Increased women’s participation: The number of citizens participating in the monitoring group quadrupled between 2011 and 2013 from 255 to 1,253, and 90% of them were females. To expand women’s participation, the city government introduced various incentives and made the reporting system simple and effective. Women chose to deal with the humiliation and anxiety they felt about the degradation of female dignity by actively participating in the fight against the violation of women’s human rights. Deleting sex trade and advertising websites: A total of 12,645 online prostitution ads were reported between January and August 2013 for a monthly average of 2,529 cases and 9,916 of the total cases (78.4%) during the six month period were deleted through the efforts of the monitors. In 2012, 1,408 ads were deleted out of 5,160 reported ads. In 2011, 3,162 indecent ads were reported, and 269 were deleted. Women have filed lawsuits against 27 sex trade-related website operators based in Seoul. Their action has greatly contributed to discouraging online prostitution ads. Immediate suspension of telephone service for phone numbers on solicitation flyers: Through a memorandum of understanding with the three telecom carriers, the city government has established a system that can have phone numbers on sex trade flyers suspended immediately. In June 2013, the service for 22 telephone numbers was suspended, rendering millions of illicit offensive flyers useless. It proved to be a very effective means of eradicating offensive flyers. Gangnam District, for example, sees virtually no solicitation flyers nowadays but used to have tens of millions of flyers every day spread indiscriminately throughout the district including its residential areas and along the streets outside subway stations. Prevention of adolescents' involvement in the sex trade through females’ intervention: For the past seven months, the city’s peer adolescent online counselors had a total of 8,218 real-time counseling meetings (a monthly average of 1,174) with 100 adolescent sex trade victims who were identified and rescued. They have received legal and medical assistance, and some of them are protected in shelters. The achievement was made through a new approach solving women’s issues through women’s participation.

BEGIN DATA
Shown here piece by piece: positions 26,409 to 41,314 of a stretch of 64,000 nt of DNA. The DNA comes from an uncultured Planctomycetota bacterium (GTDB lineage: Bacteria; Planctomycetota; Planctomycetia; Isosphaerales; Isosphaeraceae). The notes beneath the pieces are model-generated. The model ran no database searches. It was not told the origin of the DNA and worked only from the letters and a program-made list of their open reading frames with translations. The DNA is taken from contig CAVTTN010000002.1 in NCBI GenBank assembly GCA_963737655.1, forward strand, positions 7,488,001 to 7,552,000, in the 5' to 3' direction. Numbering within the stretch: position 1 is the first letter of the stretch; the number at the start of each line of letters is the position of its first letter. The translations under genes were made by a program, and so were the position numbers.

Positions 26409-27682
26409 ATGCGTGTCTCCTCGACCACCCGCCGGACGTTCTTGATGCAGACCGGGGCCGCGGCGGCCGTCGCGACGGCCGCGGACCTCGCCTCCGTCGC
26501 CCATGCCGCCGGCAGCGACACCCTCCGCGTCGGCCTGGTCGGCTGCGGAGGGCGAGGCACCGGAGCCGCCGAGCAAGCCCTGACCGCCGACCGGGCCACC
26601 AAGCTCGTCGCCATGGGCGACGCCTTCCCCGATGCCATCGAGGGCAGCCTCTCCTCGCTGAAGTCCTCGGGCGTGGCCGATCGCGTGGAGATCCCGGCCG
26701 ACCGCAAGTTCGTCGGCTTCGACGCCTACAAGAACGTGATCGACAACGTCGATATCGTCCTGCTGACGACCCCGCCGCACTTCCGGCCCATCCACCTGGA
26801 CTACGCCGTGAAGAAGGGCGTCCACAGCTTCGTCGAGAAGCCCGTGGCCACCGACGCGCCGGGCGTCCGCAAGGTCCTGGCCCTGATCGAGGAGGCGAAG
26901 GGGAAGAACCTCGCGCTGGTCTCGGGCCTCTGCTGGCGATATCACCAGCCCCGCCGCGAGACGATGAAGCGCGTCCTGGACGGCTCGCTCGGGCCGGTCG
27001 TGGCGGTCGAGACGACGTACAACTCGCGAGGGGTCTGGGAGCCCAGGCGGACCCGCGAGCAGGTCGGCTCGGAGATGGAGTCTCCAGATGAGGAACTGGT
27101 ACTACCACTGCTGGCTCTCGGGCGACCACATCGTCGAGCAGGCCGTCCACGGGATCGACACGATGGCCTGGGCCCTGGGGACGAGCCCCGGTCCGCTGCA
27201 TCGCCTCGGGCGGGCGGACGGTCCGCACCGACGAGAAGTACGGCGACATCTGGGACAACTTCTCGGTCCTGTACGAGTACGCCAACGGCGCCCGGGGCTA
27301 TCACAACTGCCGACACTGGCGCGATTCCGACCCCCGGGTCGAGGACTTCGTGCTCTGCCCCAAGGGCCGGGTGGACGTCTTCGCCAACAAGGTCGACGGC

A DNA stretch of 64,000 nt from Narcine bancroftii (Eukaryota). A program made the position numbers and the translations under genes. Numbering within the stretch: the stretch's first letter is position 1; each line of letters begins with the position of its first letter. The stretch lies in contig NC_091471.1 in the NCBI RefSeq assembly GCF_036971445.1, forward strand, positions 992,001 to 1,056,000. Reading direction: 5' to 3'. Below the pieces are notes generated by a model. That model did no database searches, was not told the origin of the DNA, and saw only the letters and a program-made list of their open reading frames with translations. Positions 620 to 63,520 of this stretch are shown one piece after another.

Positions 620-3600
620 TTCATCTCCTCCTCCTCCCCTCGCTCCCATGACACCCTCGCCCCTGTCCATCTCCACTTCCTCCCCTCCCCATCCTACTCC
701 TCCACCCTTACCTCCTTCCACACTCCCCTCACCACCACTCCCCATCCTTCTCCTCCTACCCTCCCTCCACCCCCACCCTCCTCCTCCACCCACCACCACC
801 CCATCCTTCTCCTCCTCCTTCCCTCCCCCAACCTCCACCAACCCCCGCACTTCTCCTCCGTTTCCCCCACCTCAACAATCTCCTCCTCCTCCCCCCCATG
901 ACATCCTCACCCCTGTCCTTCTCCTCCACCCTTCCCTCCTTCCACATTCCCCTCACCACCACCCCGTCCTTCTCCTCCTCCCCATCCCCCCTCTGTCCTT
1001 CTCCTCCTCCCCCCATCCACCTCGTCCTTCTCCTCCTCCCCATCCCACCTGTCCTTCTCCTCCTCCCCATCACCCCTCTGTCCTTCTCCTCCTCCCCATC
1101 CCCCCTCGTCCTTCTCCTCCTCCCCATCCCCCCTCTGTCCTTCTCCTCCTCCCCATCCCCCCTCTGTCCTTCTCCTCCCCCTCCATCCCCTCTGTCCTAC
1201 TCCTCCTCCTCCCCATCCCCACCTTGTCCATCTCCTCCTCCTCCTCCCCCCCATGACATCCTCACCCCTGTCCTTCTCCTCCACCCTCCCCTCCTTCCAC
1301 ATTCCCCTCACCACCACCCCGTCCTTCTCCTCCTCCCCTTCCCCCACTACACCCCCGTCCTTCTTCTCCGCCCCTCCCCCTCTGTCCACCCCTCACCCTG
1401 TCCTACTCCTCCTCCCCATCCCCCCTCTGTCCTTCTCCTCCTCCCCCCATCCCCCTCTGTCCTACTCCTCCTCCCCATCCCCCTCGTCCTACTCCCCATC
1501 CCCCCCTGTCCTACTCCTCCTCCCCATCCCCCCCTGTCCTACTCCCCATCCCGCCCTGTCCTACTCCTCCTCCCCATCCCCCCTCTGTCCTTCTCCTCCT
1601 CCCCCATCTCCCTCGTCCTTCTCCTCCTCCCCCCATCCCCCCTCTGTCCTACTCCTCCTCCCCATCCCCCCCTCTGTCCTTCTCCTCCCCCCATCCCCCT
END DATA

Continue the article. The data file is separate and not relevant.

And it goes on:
8. What were the most successful outputs and why was the initiative effective?
Monitoring and counseling by the “Sex Trade Prevention Council” composed of citizens, NGOs, police, civil servants, scholars, and IT experts The initiative has been promoted in collaboration with the Sex Trade Prevention Council composed of citizens, NGOs, police officers, public servants, scholars, and IT specialists which is involved in all of the processes ranging from planning to implementation, monitoring, and evaluation. Women’s participation in monitoring was remarkable, focusing on identifying on/offline sex traffickers and pimps. NGOs concentrated on measuring the efficiency of the initiative through their network with women activists. IT experts closely monitored the efficiency of the online reporting/processing system. Police officers and public servantsin district offices of the Public Health and Sanitation Division and Family and Welfare Division, in particular, have also contributed to the success of the initiative. Legal counseling on monitoring and the filing of lawsuits against illegal website operators In Korea, the sex trade is illegal. Still, legal counseling is necessary. New types of sex trafficking continue to emerge. There are some grey areas between what is legal and what is illegal with regard to the sex-related industries in the country. Femaleattorneys have provided legal counseling to the city government regarding the establishment and operation of its comprehensive monitoring system. The lawyers have also helped the city government file lawsuits against website operators for sex trafficking. Surveying citizens' consciousness of the danger of the illegal sex trade industry at "policy listening workshops" and using them as basic data for relevant policies In September 2012, the city government held a "policy listening workshop" to collect the opinions of citizens and experts on the campaigns against sex trafficking in the city. In addition, it has gathered women’s opinions through various regular offline meetings. In March 2013, it conducted a survey on the awareness of the sex industry in the city including sex trafficking facilities, sex trade flyers, and Internet sex trafficking among 1,500 citizens including monitors. It has used the results as basic data for its relevant policies.

 9. What were the main obstacles encountered and how were they overcome?